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In computational complexity theory, (SAT, ε-UNSAT) is a language that is used in the proof of the PCP theorem, which relates the language NP to probabilistically checkable proof systems.

For a given 3-CNF formula, Φ, and a constant, ε < 1, Φ is in (SAT, ε-UNSAT) if it is satisfiable and not in (SAT, ε-UNSAT) if the maximum number of satisfiable clauses (MAX-3SAT) is less than or equal to (1-ε) times the number of clauses in Φ. If neither of these conditions are true, the membership of Φ in (SAT, ε-UNSAT) is undefined.


It can be shown that (SAT, ε-UNSAT) characterizes PCP(O(log n), O(1)).

, then . (See PCP theorem for more information)
Let each bit in the proof y be .

First, it is necessary to encode when the verifier accepts in 3CNF clauses . Next, for each random string r, construct a sub-formula . For a fixed r, its possible to determine all the variables queried, Enumerate each random string r, and add a clause , where is true if and only if the PCP system accepts on reading the given random bits r. There are at most SAT clauses. After these clauses are converted into 3CNF clauses, there are at most clauses.

If , then there is a proof y such that is accepted for every random string r. Therefore, is satisfiable.
If , then for every assignment to the corresponding proof causes the verifier to reject for half of the random strings r. For each r that is rejected one of the clauses in fails. Therefore, at least fraction of the clauses fail.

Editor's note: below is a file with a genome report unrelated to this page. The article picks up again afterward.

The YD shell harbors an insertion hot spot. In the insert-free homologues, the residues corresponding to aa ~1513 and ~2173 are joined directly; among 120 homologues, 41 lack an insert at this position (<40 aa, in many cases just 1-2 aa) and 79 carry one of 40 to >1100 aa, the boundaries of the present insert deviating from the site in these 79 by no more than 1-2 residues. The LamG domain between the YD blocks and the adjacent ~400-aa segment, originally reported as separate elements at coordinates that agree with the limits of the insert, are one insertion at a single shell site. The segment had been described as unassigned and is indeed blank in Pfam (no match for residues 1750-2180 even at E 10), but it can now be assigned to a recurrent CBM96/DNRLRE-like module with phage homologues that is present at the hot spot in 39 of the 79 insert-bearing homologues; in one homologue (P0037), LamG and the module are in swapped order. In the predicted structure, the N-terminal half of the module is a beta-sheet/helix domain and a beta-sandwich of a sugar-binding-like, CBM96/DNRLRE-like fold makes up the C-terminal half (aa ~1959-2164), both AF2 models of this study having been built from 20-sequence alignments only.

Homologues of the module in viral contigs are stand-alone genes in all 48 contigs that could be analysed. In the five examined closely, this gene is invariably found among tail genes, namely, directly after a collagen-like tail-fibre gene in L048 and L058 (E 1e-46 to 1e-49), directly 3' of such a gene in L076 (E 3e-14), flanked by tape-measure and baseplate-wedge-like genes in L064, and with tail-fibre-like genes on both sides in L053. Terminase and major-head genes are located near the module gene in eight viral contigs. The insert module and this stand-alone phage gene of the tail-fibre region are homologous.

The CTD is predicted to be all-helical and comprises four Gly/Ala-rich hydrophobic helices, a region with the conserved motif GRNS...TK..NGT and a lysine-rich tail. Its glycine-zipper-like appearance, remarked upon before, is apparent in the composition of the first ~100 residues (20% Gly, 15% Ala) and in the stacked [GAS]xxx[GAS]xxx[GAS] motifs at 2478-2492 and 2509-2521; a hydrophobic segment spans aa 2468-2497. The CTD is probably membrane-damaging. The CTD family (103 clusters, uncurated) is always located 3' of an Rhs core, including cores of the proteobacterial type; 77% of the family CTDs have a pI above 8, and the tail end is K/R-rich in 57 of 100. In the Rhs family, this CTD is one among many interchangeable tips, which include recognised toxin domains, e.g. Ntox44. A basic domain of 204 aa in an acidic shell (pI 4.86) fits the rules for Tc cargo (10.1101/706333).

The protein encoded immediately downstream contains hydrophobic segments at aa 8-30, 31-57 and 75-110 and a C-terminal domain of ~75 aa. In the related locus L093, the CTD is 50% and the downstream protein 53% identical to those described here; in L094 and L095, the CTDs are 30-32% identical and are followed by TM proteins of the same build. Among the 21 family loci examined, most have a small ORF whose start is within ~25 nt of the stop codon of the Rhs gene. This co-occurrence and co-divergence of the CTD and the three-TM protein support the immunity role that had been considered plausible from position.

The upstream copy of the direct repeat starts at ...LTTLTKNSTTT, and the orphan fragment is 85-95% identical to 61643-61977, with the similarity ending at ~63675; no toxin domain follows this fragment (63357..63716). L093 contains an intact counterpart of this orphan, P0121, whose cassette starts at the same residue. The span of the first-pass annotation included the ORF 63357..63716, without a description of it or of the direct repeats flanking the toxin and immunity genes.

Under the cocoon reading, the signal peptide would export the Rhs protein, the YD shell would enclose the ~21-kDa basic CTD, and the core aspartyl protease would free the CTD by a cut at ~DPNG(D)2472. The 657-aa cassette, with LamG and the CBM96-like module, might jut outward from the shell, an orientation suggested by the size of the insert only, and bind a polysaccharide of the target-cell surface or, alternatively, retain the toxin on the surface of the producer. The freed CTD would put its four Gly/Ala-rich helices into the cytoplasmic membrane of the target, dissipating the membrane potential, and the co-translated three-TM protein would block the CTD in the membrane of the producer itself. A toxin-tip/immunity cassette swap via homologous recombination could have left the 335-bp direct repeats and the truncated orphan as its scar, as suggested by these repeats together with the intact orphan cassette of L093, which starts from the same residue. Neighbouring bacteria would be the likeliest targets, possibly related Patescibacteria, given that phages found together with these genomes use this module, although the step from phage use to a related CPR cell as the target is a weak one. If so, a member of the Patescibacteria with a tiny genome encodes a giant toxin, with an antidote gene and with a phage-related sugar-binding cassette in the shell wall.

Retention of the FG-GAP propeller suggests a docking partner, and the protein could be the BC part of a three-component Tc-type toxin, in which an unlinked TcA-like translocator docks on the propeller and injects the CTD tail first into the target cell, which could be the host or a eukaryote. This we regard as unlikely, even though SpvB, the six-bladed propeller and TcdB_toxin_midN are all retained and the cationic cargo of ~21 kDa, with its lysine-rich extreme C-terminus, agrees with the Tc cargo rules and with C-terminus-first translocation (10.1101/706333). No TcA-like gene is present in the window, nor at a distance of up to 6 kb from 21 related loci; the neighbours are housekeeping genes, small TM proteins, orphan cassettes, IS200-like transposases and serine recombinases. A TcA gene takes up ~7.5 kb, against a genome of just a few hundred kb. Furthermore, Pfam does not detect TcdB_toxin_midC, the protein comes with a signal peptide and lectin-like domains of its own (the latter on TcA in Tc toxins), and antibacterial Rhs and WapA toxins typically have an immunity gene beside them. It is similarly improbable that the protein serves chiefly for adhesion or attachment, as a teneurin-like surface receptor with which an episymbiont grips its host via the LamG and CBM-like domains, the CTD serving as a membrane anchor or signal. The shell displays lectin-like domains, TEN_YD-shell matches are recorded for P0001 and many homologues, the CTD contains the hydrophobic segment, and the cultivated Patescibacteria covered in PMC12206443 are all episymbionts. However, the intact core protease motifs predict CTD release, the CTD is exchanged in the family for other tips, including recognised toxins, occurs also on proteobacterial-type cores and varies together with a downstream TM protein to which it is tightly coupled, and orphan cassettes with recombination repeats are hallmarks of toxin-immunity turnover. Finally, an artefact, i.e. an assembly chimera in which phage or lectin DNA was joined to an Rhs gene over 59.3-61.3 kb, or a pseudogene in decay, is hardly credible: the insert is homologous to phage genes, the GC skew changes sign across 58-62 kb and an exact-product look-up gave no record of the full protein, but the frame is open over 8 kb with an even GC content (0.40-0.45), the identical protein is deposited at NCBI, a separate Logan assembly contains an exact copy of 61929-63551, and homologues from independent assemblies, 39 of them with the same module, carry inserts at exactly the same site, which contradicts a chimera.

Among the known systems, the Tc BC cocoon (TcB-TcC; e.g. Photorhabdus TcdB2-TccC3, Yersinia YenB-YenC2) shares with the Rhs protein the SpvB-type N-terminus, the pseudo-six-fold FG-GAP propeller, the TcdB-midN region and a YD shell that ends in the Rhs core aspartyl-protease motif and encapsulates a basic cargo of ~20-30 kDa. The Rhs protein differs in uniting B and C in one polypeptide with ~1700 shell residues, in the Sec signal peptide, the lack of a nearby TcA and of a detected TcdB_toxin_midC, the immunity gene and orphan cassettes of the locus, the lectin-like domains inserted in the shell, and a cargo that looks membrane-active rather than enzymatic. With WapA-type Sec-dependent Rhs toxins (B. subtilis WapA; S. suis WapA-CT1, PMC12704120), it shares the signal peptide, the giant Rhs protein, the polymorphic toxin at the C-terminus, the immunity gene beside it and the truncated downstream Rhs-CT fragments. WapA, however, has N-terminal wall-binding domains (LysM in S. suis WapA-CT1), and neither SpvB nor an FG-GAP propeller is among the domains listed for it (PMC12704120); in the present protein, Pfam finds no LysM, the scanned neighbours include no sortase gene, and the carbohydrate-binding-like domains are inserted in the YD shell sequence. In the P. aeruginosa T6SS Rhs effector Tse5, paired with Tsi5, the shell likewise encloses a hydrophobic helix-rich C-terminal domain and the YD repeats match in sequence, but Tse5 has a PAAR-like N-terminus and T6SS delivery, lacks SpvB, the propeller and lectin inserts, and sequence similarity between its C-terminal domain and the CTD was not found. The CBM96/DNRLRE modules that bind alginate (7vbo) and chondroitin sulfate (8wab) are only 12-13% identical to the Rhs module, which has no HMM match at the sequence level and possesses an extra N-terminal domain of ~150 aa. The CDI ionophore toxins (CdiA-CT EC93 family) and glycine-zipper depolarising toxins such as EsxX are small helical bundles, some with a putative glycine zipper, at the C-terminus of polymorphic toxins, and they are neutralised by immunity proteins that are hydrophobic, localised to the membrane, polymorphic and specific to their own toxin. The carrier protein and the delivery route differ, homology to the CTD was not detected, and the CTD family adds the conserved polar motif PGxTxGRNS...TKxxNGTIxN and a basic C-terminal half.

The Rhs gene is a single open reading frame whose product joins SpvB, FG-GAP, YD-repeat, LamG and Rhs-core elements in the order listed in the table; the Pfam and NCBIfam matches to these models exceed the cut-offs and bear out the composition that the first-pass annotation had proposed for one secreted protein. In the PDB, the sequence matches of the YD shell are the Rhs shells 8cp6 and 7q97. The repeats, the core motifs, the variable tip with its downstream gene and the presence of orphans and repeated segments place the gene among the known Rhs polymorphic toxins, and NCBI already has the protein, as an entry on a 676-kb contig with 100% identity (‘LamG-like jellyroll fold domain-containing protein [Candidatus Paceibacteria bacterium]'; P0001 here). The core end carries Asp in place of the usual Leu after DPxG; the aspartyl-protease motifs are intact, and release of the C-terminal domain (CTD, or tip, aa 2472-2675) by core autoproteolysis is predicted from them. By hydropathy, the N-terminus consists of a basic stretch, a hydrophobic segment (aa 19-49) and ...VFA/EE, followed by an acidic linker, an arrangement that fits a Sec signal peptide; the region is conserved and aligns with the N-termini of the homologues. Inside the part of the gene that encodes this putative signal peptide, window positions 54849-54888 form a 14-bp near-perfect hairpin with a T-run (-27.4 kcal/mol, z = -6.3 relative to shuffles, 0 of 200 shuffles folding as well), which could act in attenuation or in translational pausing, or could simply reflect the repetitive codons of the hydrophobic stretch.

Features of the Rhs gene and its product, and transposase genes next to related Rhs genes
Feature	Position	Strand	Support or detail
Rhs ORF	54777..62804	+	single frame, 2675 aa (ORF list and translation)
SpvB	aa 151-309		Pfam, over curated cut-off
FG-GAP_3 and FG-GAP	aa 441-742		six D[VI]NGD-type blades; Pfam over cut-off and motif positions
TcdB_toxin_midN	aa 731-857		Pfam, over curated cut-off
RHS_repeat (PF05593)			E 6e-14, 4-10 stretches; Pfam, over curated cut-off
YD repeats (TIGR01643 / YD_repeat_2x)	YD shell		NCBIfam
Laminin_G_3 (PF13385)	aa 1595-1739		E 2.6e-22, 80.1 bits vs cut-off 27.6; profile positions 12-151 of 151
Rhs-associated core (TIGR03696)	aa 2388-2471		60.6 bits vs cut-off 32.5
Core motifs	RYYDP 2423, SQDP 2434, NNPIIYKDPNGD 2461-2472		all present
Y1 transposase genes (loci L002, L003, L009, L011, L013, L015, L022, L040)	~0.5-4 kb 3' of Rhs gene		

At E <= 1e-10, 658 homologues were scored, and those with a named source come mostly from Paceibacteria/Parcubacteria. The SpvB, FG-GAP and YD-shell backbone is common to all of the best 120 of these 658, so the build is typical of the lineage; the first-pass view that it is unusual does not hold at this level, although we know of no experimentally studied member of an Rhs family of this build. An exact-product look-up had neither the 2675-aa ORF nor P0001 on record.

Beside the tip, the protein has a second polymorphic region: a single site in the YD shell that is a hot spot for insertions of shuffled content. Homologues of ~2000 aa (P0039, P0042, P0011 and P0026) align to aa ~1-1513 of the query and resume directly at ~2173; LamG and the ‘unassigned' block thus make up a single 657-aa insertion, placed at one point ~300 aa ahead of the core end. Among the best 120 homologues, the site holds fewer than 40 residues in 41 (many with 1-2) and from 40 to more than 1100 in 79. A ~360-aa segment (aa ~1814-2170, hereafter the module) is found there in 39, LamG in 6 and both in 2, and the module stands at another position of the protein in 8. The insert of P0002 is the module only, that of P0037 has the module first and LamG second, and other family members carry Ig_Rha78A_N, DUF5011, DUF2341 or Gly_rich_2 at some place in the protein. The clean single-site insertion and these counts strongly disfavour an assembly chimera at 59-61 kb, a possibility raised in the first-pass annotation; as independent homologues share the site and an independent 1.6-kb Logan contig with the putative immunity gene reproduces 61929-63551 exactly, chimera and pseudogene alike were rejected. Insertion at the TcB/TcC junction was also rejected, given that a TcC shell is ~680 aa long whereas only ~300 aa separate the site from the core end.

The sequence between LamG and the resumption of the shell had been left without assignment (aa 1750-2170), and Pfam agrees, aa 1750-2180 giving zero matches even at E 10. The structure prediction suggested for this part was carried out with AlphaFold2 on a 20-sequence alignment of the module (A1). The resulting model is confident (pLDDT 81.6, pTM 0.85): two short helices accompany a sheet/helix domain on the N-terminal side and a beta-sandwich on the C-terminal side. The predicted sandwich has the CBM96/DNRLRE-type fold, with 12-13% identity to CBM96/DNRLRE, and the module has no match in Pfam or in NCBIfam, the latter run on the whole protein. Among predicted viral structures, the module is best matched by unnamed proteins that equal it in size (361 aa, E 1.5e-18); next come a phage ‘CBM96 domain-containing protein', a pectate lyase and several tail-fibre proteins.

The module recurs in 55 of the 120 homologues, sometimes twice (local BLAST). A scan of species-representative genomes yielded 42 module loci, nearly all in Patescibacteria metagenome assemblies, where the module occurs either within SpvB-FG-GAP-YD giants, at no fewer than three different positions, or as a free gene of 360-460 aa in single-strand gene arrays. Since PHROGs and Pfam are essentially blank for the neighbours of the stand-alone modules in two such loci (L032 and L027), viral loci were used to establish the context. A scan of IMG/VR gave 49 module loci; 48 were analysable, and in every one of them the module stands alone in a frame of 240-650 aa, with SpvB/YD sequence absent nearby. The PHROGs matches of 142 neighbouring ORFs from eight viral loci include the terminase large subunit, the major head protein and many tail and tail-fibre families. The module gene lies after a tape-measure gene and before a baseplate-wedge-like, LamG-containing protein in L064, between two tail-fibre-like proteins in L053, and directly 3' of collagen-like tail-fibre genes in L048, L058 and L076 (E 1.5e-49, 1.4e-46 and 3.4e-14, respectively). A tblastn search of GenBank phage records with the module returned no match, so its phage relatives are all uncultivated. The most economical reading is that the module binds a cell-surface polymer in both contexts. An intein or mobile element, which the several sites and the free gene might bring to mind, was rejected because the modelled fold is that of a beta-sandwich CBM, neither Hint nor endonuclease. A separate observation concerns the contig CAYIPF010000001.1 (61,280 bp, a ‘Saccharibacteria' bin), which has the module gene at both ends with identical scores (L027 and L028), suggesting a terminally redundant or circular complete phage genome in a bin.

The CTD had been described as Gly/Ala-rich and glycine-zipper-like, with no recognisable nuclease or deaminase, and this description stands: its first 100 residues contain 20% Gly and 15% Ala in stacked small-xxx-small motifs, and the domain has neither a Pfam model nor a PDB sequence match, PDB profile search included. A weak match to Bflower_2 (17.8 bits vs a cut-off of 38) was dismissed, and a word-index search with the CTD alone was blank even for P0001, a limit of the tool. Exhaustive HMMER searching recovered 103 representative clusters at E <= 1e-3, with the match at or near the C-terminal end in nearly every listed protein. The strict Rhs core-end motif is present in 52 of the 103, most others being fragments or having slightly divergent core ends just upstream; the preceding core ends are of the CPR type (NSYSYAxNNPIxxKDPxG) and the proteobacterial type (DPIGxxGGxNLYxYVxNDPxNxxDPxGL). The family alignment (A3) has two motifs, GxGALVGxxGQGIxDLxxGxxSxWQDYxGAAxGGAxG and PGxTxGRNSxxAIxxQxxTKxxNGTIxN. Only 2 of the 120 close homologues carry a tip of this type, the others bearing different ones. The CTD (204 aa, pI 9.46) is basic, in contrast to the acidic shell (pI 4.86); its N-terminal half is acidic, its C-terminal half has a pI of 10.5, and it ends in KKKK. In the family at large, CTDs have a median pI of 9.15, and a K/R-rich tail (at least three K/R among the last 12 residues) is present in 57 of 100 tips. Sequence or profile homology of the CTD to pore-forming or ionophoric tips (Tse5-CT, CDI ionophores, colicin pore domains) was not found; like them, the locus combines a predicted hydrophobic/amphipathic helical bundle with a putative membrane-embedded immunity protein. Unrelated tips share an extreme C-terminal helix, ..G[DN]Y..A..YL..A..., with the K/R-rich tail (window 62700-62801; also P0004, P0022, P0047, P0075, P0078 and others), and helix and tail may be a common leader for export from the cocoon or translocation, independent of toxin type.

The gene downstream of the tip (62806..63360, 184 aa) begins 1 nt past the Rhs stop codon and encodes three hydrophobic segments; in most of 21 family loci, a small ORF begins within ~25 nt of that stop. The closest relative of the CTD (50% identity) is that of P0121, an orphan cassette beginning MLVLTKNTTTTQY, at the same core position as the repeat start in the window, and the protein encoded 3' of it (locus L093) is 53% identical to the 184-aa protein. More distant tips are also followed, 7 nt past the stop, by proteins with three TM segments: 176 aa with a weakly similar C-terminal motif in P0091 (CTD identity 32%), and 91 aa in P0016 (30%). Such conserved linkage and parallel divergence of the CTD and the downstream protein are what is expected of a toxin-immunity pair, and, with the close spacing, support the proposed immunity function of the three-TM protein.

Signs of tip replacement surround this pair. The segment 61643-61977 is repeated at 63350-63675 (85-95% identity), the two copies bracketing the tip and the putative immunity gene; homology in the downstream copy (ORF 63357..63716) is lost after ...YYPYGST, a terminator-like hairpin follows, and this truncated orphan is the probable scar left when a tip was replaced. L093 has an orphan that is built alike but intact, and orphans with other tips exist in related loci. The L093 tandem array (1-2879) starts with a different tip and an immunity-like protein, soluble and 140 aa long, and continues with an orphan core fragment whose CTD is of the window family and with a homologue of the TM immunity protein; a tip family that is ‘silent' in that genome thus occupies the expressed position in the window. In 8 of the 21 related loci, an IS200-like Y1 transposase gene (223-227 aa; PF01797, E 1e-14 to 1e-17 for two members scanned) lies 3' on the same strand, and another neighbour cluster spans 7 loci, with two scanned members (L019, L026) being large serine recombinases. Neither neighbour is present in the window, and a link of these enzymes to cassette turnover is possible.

Therefore, .

For , let the proof that the PCP system reads be a satisfying assignment for the input 3-CNF, Φ. The system chooses clauses of the proof to check if they are truly satisfied. Note that only random bits are needed to choose one of clauses, and thus only total random bits are needed. (Remember that ε is a constant.) For each clause to be checked, only 3 bits need to be read, and thus only (a constant number) of bits from the proof need to be read. The system rejects if any of the clauses are not satisfied. If Φ is satisfiable, then there exists a proof (a truly satisfying assignment) that the system will always accept. If Φ is not in (SAT, ε-UNSAT), this means that an ε fraction of the clauses is not satisfiable. The probability that this system will accept in this case is . Therefore, .

(SAT, ε-UNSAT) is an NP-hard language. As part of the proof of the PCP theorem, (SAT, ε-UNSAT) has also been shown to be in PCP(O(log n), O(1)).